Nora Chipaumire is in the middle of a dance workshop at the Kendall Campus of Miami Dade College.
She asks about 12 dance students of different races to define what it means to be a black man in America -- an especially weighty topic right now.
Many of the students are hesitant to try to describe the black male experience.
"I’m saying, let's go into places of inquiries," she says.
Dance is more than tendu and pliés, she tells her dancers. Choreographers often create work as a reaction to what's happening around them in society. Chipaumire asks the students to be honest about race.
Karl St. Luis, one of the dance students, offers his personal experience as a black man.
"We live in a society that tends to diminish me and who I am," he says.
Right now, there is a national conversation happening about the value of black men’s lives.
And it's also part of Chipaumire's work, which is influenced by the intersection of race, culture and gender.
She says she watched the Trayvon Martin case unfold on TV, she watched Ferguson go up in flames after Michael Brown was killed. She watched the protests in New York this week, after a grand jury declined to indict a white police officer who choked an unarmed black man to death.
"Their death is my death," she says. "I am a black woman I am complicit in their survival."
After the class discussion about race, Chipaumire rehearses her piece, which will debut at the Little Haiti Cultural Center during Art Basel. It’s a duet with Senegalese dancer Kaolack.
The rehearsal space has elastic bands criss-crossing the room. It looks like a boxing ring.
On one side is Chipaumire. On the other Kaolack sits in a chair. He wears nothing except for black briefs decorated with gold studs.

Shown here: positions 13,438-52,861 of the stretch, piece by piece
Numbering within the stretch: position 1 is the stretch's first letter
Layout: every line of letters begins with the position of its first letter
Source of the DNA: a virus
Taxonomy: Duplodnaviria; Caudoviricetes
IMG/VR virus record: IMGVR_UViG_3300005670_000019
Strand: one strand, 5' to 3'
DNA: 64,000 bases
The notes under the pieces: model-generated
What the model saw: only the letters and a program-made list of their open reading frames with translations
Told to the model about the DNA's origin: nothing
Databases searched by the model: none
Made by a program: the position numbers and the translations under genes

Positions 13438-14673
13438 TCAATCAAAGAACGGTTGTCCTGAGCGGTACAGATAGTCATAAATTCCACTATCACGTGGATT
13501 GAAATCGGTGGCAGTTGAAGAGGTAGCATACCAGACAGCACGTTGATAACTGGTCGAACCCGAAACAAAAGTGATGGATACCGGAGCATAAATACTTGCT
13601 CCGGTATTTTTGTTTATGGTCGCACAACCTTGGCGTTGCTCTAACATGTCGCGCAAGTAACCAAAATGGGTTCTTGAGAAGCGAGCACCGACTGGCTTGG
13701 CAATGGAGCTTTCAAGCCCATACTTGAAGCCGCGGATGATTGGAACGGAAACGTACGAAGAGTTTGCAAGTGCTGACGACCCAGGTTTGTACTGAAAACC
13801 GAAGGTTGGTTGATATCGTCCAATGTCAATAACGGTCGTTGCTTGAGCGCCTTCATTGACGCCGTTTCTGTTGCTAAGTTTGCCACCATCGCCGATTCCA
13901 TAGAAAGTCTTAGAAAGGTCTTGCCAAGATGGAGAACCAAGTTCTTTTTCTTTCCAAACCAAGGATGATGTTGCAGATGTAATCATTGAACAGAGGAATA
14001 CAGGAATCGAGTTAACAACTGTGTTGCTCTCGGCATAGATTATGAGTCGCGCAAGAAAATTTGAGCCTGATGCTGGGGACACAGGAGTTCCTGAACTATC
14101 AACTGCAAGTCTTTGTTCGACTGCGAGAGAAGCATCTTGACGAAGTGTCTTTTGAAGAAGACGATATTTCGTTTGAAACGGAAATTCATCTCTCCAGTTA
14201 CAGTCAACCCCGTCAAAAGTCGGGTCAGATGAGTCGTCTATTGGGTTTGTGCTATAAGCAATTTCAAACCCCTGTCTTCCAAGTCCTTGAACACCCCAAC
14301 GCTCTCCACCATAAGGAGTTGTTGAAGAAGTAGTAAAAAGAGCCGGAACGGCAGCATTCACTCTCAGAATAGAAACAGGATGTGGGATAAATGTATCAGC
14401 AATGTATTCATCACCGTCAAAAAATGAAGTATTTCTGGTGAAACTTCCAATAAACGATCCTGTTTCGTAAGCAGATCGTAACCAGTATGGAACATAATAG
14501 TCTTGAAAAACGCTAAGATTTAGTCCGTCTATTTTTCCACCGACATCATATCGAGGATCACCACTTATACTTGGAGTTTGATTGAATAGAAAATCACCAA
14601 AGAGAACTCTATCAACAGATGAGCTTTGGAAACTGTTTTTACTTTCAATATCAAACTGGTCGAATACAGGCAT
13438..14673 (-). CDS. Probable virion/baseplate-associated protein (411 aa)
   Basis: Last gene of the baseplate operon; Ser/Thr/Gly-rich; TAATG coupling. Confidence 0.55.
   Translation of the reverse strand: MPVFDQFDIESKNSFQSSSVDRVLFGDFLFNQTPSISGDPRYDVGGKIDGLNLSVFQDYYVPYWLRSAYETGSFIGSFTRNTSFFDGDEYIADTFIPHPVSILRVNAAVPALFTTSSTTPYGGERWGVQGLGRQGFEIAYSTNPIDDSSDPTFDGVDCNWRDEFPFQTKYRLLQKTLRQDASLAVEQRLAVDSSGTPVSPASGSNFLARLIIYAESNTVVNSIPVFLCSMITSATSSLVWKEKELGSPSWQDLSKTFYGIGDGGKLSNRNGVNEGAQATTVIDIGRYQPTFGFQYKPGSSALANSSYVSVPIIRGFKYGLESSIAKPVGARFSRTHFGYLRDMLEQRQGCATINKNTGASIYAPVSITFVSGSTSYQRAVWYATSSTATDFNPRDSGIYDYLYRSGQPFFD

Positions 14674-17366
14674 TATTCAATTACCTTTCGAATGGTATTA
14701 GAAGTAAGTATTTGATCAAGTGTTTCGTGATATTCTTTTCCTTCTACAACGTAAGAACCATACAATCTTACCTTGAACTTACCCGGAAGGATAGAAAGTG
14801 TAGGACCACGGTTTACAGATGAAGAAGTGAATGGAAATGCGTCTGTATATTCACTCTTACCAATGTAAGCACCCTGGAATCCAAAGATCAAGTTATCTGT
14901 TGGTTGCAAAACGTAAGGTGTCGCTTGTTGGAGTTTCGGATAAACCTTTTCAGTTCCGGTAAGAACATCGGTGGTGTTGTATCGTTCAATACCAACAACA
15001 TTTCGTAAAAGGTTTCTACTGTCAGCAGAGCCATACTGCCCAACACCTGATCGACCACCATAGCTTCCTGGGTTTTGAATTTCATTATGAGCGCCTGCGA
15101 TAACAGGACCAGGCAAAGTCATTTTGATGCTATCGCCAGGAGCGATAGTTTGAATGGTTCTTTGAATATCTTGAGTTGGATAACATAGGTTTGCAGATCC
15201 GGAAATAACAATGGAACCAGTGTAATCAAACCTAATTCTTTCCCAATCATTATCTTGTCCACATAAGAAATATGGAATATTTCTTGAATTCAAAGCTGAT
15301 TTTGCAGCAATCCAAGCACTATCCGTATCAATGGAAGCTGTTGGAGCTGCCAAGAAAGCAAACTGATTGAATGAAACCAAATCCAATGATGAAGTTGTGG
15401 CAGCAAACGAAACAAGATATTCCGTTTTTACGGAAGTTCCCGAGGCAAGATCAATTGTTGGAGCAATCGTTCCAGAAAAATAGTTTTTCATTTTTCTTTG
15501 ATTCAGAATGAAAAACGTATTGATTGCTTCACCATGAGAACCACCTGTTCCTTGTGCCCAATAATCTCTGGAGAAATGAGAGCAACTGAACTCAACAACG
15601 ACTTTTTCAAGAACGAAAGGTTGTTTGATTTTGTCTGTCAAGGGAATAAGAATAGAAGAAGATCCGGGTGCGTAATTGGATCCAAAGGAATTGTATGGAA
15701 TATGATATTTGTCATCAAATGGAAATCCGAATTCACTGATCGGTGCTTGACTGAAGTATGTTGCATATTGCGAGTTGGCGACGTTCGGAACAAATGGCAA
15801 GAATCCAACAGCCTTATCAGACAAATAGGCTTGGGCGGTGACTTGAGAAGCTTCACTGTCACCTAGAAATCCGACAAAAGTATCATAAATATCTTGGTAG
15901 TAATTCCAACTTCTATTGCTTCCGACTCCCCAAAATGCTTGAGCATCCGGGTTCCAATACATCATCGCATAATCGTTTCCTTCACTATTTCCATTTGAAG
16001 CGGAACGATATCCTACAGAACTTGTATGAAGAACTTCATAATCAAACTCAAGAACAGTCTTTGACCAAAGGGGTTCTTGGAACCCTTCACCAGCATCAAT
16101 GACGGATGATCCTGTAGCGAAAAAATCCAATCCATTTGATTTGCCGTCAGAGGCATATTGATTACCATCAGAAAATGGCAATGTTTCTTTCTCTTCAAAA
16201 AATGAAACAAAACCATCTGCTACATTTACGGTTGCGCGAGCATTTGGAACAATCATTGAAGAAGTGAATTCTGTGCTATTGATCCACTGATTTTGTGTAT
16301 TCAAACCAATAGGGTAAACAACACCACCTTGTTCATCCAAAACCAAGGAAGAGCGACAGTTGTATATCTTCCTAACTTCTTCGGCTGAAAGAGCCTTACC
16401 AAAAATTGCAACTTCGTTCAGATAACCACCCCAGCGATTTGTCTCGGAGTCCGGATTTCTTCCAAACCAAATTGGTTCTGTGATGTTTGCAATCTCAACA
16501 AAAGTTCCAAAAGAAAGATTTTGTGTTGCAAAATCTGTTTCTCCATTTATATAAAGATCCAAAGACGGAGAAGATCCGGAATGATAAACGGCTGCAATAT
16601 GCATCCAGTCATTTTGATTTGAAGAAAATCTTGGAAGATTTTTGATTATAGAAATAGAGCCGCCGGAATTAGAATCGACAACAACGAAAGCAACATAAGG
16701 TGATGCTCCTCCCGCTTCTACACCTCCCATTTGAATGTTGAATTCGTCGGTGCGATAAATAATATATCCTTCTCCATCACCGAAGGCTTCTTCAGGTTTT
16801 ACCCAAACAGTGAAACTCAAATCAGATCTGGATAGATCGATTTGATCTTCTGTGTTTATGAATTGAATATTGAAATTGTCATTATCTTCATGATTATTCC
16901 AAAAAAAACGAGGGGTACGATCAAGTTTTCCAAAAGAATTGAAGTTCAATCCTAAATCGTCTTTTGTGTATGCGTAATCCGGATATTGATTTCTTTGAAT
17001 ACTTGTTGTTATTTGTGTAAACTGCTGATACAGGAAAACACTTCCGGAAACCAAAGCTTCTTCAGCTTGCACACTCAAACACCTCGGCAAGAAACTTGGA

Kaolack walks over to Chipaumire. He winds his hips sensually as she holds on to him by a rubber tether -- almost like she has a dog on a leash.
"I wanted to present this maleness and not bat an eye about it," says Chipaumire. "What are we afraid of? What is about the male body which happens to be black that we are afraid of?"
Before choreographing this piece, Chipaumire says she examined her late father’s experience as a black man in Africa and found herself drawn to the global experience of black men.
Michelle Murray, dance coordinator at Miami Dade’s Kendall campus says the workshop and Chipaumire’s work show that dance is much more than physical movement. It can be inspired by a deeper thought process about topics like race.
And she says she is seeing more of that as Art Basel week expands into other neighborhoods beyond Miami Beach, Midtown and Wynwood.
"It’s a definite presence of black people in Art Basel, which I think it really beautiful and very powerful," she says.